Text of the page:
Note to thieves trying to figure out where I live: Once you do that, you've got to get past the living interior and exterior guard, the security system (hint, cutting the phone and cable WON'T help), and finally, if I'm home - me. WonderWife (TM) v3.x is also right handy with the Winchester M97 trench gun. I like that one because it's handy, will blow you into large chunks, but not pass through the walls of the house to annoy my neighbors. Hardwood floors, so clean-up is easy. I'm a reasonable fellow, if you surrender meekly or run away, that will be fine. Not interested in killing or maiming anyone unless you are dumb enough to attack me or my family. The furry members count, btw. Do that, then I will clean the gene pool. Plus guys, impressive as it looks, it's not as valuable as you might think - and it would be very hard to move, since you would be flooding the market. Not to mention the fact that every dealer within a (classified) radius would have a list of serial numbers and descriptions within 24 hours (ain't the internet great?). Oh, yeah - did I mention that robbing licensees is a federal offense? The feds don't go overboard after little stuff, but whacking this collection would likely garner their interest - so choose your accomodations! Plus 'bangers won't like these - the ones that look like they can shoot a lot - can't, and many of them won't work properly if you hold them sideways like they do in the movies.

So, go find an easier target, eh? No - better yet - get a real job that has better fringes.

Periodic Disclaimer for anti-gunners and law enforcement surfers (I don't mind you LE types)

Heck, I don't mind the anti-gun types until they start trying to send LE types to take 'em away... here we go with the Periodic Disclaimer (TM):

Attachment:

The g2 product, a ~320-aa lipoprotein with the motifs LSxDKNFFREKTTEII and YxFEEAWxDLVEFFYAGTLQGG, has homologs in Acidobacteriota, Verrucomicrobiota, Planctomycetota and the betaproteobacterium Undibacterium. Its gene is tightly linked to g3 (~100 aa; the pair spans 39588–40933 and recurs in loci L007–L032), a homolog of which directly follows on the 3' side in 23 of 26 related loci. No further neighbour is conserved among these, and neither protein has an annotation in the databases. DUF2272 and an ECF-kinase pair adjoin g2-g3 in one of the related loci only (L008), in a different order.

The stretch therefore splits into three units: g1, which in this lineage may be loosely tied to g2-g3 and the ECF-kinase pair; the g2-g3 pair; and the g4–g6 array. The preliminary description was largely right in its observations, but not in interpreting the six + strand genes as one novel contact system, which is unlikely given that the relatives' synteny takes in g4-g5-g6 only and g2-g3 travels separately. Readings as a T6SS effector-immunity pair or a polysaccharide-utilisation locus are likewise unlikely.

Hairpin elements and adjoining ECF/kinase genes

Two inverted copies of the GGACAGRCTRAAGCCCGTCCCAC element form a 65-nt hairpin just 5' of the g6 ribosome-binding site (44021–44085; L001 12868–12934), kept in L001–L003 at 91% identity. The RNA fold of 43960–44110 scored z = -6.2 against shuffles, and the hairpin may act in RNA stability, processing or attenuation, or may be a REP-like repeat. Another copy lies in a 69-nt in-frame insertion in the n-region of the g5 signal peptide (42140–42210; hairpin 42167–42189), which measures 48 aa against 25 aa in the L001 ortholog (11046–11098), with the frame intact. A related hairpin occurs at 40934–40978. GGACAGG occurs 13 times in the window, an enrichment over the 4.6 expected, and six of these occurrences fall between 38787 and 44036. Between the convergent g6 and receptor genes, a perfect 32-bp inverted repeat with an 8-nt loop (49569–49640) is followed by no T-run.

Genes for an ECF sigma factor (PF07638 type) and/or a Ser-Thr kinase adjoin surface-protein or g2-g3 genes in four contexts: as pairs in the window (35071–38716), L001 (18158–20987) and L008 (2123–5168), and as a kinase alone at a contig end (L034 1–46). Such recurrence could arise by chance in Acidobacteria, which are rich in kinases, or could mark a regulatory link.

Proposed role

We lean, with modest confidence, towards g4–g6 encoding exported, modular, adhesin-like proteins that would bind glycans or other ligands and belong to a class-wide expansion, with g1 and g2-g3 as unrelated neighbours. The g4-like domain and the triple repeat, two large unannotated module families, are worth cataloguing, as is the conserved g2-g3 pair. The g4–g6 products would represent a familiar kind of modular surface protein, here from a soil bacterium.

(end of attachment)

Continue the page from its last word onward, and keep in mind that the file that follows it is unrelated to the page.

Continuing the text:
Everything you ever see in photos here that I own is fully legal to own, federal, state, and local - WHERE I LIVE! Your mileage may vary, such as living in the Borg Collectives of California, Massachusetts, New Jersey, etc. Though ya might be surprised to find out what's legal where you live. I am a licensed collector (which isn't a license to collect, just to receive via the mails), and that only applies to curio and relic firearms. Fortunately, that's about all I want to own. On these pages I will from time to time share my toys, much like Kim du Toit does.

If ya don't want to wait on me, go hit the "Second Amendment Shrine" link over there on the right.

Time to make Babs Boxer barf, and Chuck Schumer spew.

My SKS's, less the Albanian: Top to bottom, Soviet early SKS, Chinese Army SKS, Chinese "Wind River Militia" SKS (ideographs on stock), Soviet late model SKS and a Romanian. That's a Turk M93 Mauser on the bottom. RPG-2 hanging on the right. Yugo M48 Mauser on the left. That is a Kosovo-capture Yugo flag hanging in back. The light-colored stock chinese rifle is a papered Vietnam bring-back, in pristine shape - right out of a cache.